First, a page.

Sail back to Cape Breton across the mouth of the Gulf of St. Lawrence, heading again for the historic port of Louisburg. Disembark in the morning and, while some will head to the airport, many will add a few extra days in Cape Breton to enjoy one of the gems of Canada’s East Coast.
Specific sites visited will depend on ice and weather conditions experienced and the itinerary will be updated throughout the voyage in order to take advantage of favorable conditions. ExpeditionTrips is not responsible for itinerary changes.
Medical Documentation: Once you have booked your voyage to the Polar Regions, you will be required to complete a Medical Information Form. This form must be completed, signed and returned no later than 90 days prior to departure.
Sea Kayaking Option: Included
Pre-booked option. If you have experience sea kayaking and are interested in doing this activity during the expedition, you will need to book this option prior to departure from home. You cannot book this activity once onboard. There is a separate document for sea kayakers that you will need to review beforehand.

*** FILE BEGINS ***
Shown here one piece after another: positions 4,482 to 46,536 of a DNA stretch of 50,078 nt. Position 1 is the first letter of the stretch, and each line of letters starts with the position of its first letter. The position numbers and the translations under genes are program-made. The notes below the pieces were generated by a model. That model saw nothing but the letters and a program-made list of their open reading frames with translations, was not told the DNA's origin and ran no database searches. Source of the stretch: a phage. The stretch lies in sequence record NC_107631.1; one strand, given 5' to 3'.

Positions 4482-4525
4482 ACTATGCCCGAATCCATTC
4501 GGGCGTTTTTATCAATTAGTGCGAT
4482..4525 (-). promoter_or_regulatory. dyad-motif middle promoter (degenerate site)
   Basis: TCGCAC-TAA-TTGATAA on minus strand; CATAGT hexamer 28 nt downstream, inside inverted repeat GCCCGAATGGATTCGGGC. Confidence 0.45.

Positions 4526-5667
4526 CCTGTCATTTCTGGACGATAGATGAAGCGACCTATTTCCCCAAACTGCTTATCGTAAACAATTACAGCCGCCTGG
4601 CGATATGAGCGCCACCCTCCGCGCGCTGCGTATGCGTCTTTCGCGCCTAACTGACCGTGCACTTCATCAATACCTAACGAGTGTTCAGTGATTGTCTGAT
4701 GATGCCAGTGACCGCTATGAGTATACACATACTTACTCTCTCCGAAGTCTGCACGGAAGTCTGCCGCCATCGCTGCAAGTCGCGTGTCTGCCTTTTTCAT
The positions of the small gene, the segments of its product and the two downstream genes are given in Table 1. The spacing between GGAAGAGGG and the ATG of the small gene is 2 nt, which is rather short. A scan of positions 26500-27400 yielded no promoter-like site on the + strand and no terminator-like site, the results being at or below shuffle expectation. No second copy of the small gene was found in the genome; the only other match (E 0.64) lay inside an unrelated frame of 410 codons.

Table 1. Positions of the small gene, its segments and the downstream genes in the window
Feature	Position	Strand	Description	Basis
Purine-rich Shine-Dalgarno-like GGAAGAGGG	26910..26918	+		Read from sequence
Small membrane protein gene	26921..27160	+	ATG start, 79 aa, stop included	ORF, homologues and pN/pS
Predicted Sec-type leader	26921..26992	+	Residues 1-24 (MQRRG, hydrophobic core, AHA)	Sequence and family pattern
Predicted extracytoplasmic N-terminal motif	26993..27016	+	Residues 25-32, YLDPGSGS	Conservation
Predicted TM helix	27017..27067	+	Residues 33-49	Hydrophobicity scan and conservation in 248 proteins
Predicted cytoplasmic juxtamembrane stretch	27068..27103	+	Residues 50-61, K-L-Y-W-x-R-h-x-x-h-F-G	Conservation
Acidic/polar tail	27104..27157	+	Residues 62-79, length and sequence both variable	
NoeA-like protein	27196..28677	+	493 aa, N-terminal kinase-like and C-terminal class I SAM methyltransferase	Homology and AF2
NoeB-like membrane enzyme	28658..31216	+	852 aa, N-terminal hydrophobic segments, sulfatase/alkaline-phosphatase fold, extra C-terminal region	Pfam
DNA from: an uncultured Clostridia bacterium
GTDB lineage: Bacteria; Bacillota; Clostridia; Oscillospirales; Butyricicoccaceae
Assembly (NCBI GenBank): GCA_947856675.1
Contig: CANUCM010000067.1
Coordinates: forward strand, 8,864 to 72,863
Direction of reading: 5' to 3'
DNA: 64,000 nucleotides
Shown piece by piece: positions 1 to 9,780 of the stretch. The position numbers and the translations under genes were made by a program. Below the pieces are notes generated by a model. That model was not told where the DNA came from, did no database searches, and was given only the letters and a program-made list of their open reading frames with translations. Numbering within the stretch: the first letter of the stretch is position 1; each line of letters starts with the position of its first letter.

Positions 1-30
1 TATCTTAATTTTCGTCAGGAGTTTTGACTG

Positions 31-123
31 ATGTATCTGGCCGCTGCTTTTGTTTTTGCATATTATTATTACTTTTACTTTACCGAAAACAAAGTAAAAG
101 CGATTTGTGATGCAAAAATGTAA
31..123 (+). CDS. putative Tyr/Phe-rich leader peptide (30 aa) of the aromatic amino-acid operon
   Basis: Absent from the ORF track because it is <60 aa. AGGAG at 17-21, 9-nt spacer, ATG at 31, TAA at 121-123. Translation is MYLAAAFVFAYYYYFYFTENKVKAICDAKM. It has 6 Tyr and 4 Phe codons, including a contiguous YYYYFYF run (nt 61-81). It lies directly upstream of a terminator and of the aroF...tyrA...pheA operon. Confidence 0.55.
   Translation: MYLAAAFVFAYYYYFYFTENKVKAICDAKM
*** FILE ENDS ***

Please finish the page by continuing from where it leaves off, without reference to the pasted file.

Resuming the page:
All guests are required to have comprehensive travel insurance which must cover accidents, injury, illness and death, medical expenses, including any related to pre-existing medical conditions, emergency repatriation (including helicopter) and personal liability. It must cover cancellation, curtailment and loss of luggage and personal effects. You must carry proof of insurance with you and produce it if requested by expedition staff. The expedition team reserves the right to cancel or suspend your participation on a trip or in certain activities that comprise part of a trip, at any time, including after the commencement of your tour, with no right of refund, if you are unable to provide proof of insurance when requested.
Accommodations onboard; meals; complimentary tea and coffee 24 hours per day; shore excursions; services of guides and naturalist staff; access to multimedia room and download stations; use of onboard expedition rubber boots; use of wet weather gear; transfers as applicable, kayaking option.
Airfare; pre- and post-cruise hotel nights; passport and visa fees; excess baggage charges; airport taxes; travel insurance; all gratuities; extra meals; items of a personal nature such as laundry, drinks; medical expenses; optional activities and trips.
PHOTOS: © Chantal Briand; © Newfoundland and Labrador Tourism; © Boris Wise; © Daisy Gilardini